W3C home > Mailing lists > Public > www-style@w3.org > February 2009

Re: Unicode Normalization

From: Robert J Burns <rob@robburns.com>
Date: Fri, 6 Feb 2009 13:51:20 -0600
Cc: Jonathan Kew <jonathan@jfkew.plus.com>, Anne van Kesteren <annevk@opera.com>, Aryeh Gregor <Simetrical+w3c@gmail.com>, public-i18n-core@w3.org, W3C Style List <www-style@w3.org>
Message-Id: <046E8B6D-BB17-4B41-8195-6C84EBBD2734@robburns.com>
To: benjo316@gmail.com

On Feb 5, 2009, at 8:44 PM, Benjamin wrote:

> If the various key strokes that can produce ü on European text input
> methods produced different code point sequences, it would be rightly
> considered a defect in the input methods.

You keep brining up the great superiority of European text input  
systems, but you're being way too presumptuous about this. I have yet  
to encounter an input system that entirely avoided non-NFC input (or  
non-NFD input if you prefer). Also as has been raised repeatedly there  
are no normative standards that require this one way or the other.  
Unicode addresses the comparison of canonical strings. Nowhere does it  
address the input of canonical strings. I agree with you that input  
systems should be addressed in the future. However, even once that  
happened it still does not necessarily solve the problem of comparison  
of canonically equivalent strings since those strings being compared  
might still be NFC or NFD.

> On the other hand, very
> complex input cooking between keystrokes and the code points
> communicated to an application accepting text input already exist:
> consider cooking many Romaji keystrokes into one Kanji.

But this has nothing to do with canonical normalization. No one here  
has said that normalization cannot be done on input, however, there's  
no authority out there requiring it. And again even if input systems  
were required to normalize this wouldn't fix the issue of comparing  
canonically equivalent strings from differently normalized input  
systems. This could get settled in favor of NFC or NFD, but that could  
take years or decades if it ever happened.

> If input methods for the languages you mention are inconsistent in
> their ordering of combining marks where the ordering of marks is
> visually indistinguishable, that's a defect of those input methods.

This is not only about combining marks. two strings can be different  
representations of the same canonically equivalent string and have no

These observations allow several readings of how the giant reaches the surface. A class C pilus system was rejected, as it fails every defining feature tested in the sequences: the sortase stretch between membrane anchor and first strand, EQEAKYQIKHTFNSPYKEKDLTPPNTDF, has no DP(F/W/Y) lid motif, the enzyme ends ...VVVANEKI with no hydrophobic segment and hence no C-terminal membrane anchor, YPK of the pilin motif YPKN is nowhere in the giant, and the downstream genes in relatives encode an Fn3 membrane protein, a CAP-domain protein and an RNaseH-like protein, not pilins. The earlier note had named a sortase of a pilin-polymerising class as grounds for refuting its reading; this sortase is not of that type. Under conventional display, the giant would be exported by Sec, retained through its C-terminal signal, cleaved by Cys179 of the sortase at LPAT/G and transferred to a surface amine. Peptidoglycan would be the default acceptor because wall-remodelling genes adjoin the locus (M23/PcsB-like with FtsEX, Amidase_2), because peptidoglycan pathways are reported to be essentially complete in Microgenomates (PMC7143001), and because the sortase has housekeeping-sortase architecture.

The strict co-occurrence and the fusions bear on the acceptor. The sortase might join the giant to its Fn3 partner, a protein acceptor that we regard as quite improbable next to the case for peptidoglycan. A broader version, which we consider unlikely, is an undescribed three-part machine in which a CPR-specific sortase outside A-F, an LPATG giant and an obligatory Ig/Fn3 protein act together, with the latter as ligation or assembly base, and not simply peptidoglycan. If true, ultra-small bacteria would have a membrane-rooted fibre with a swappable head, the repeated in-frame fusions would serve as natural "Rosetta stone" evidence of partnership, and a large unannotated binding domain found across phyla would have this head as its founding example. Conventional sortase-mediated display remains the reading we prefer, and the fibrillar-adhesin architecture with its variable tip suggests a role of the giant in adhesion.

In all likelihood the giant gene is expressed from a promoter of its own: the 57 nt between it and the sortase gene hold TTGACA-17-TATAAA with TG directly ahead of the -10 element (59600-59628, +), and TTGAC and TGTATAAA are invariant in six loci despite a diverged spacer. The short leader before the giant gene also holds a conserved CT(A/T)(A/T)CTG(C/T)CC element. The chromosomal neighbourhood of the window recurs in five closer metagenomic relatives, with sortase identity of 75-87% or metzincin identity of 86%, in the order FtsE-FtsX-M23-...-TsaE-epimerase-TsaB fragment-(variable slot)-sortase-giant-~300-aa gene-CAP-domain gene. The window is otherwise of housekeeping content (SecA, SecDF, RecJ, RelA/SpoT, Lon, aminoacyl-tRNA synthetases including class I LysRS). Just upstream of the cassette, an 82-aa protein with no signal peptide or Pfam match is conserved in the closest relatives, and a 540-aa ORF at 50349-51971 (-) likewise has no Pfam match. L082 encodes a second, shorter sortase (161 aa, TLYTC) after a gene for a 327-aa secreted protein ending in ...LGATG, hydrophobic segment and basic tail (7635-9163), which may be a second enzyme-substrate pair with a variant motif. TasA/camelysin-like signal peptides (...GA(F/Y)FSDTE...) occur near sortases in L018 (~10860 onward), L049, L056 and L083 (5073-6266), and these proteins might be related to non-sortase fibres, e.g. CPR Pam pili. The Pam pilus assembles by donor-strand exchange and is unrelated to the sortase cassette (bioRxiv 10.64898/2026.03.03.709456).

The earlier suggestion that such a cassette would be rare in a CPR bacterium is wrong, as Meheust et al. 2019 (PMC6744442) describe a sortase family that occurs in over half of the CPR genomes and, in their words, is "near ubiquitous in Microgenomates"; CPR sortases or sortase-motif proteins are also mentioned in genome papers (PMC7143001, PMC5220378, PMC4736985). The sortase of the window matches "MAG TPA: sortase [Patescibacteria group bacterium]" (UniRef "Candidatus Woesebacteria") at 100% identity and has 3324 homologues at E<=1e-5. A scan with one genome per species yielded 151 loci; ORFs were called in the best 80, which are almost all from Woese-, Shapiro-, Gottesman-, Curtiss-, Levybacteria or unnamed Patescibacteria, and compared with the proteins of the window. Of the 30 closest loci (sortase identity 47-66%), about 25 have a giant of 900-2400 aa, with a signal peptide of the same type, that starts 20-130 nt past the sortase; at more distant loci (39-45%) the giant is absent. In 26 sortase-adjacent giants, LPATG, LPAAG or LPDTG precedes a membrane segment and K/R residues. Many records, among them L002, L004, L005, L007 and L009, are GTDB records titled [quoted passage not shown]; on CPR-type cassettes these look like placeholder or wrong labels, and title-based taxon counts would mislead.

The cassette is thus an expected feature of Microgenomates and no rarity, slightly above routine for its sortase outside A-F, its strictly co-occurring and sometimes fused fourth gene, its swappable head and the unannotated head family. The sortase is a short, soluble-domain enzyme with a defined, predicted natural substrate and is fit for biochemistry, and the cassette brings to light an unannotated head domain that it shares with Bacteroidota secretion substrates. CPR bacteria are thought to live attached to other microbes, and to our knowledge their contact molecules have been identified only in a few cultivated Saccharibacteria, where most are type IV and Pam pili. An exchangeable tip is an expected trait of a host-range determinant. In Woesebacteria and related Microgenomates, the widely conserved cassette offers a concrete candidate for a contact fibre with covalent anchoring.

combining marks at all. And how can you say it is a defect of those  
input systems when there is no authoritative norms telling those  
systems to produce one normalized form or another (while at the same  
time producing a parser that is supposed to conform to Unicode yet  
when comparing two canonically equivalent strings returns that they  
are distinct; this looks like the pot calling the kettle black).

> Cooking the input to yield canonically ordered output should be a
> minor feat considering the infrastructure that already exists for e.g.
> Japanese text input methods and the visual rendering integration that
> e.g. Mac OS X does when you type the umlaut and the u separately for
> ü.

Yet Mac OS X has input systems that will gladly produce non-NFC and  
non-NFD strings, so where's an example of an operating environment  
where this is solved in terms of input systems?

> The right place to fix is the input methods--not software further
> down the chain processing text. After all, text is written fewer times
> than it is read. Furthermore, if you count GUI environments that
> handle text input, the number of systems where the fix needs to be
> applied is relatively small--just like the number of browser engines
> is relatively small, which is often used as an argument for putting
> complexity into browser engines.

Wouldn't this also suggest that HTML parsers should stop trying to  
repair broken HTML source? After all it would be far better for HTML  
producers to simply produce correct code than to slow down the parsing  
and fix all those errors. In the canonical normalization case, these  
are not even errors by any stretch of the imagination. Unicode doesn't  
require the text to be normalized upon input. What Unicode does  
address is the concept of canonical equivalence and normalizing  
strings for comparison.

Take the example I gave before:

1) Ệ (U+1EC6)
2) Ê (U+00CA) (U+0323)
3) Ẹ (U+1EB8) (U+0302)
4) E (U+0045) (U+0323) (U+0302)
5) E (U+0045) (U+0302) (U+0323)

Only one of these is NFC. Only one of these is NFD. However, I can  
produce several of these representations of the same canonically  
equivalent string on Mac OS X. Where's the input system stellar  
example where this is already fixed?

Take care,
Received on Friday, 6 February 2009 19:54:04 UTC

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